Objective: To describe the radiologic course in a large cohort of patients with early rheumatoid arthritis (RA) and to analyze individual components of damage.
Methods: Five hundred two patients with recent-onset RA (disease duration <1 year) underwent annual radiologic assessment for a maximum of 6 years in this longitudinal prospective study. The study was designed to investigate the efficacy of 3 different therapeutic strategies. For the assessment of radiologic damage, radiographs of the hands and feet were scored according to the modified Sharp/van der Heijde method (SHS; range 0-448). A mean of 2.9 (range 1-7) radiographs was read per patient.
Results: Stable rates of progression of the SHS, erosion score, and narrowing score were found over the course of RA: the mean rates were 8.6, 5.4, and 3.2 modified Sharp units per year, respectively. The rate of progression of newly (not previously) damaged joints declined, and the rate of progression of already damaged joints (which became more damaged) increased during followup, leading to an equal contribution to progression of the SHS at 5 years. The joints of the feet, especially the fifth metatarsophalangeal joint, generally became eroded earlier and more of them became eroded compared with the joints of the hands.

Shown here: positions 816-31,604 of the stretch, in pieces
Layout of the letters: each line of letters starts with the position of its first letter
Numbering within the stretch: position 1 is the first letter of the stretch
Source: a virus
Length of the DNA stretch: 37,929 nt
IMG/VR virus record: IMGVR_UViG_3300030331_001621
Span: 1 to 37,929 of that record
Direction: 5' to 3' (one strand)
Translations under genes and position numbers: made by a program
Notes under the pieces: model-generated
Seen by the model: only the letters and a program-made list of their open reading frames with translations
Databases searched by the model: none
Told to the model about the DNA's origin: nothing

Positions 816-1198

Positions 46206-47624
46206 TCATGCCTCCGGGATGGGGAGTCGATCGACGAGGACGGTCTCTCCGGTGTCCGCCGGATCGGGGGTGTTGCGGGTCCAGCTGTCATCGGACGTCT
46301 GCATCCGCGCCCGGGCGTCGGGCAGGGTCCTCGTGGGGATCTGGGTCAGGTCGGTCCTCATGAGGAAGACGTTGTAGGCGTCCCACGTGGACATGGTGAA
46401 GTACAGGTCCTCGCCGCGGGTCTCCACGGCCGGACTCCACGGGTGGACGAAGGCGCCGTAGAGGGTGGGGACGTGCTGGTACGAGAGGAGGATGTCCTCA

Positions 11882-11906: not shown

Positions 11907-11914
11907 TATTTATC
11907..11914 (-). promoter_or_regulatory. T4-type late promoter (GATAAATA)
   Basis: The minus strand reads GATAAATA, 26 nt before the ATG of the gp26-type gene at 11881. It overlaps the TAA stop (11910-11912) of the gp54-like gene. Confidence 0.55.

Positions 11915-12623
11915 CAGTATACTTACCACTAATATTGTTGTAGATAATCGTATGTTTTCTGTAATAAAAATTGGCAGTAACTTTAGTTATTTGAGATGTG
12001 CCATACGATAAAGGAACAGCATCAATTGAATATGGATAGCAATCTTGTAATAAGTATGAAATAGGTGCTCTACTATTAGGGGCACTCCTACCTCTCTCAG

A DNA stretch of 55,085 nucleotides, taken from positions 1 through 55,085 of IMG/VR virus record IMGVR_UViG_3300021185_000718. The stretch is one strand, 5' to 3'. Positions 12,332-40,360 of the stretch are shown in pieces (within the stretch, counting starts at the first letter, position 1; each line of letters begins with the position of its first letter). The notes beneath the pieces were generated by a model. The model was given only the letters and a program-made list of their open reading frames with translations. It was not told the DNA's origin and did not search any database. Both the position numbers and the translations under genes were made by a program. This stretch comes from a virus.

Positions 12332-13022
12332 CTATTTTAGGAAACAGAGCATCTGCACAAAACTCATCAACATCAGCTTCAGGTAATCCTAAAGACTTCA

Conclusion: Radiologic damage progresses at a constant rate. In advanced disease, monitoring the progression of previously existing damage is as important as assessing new abnormalities in previously undamaged joints. Radiographs of the feet should be included in assessments of radiologic damage that are used in clinical intervention trials and daily practice.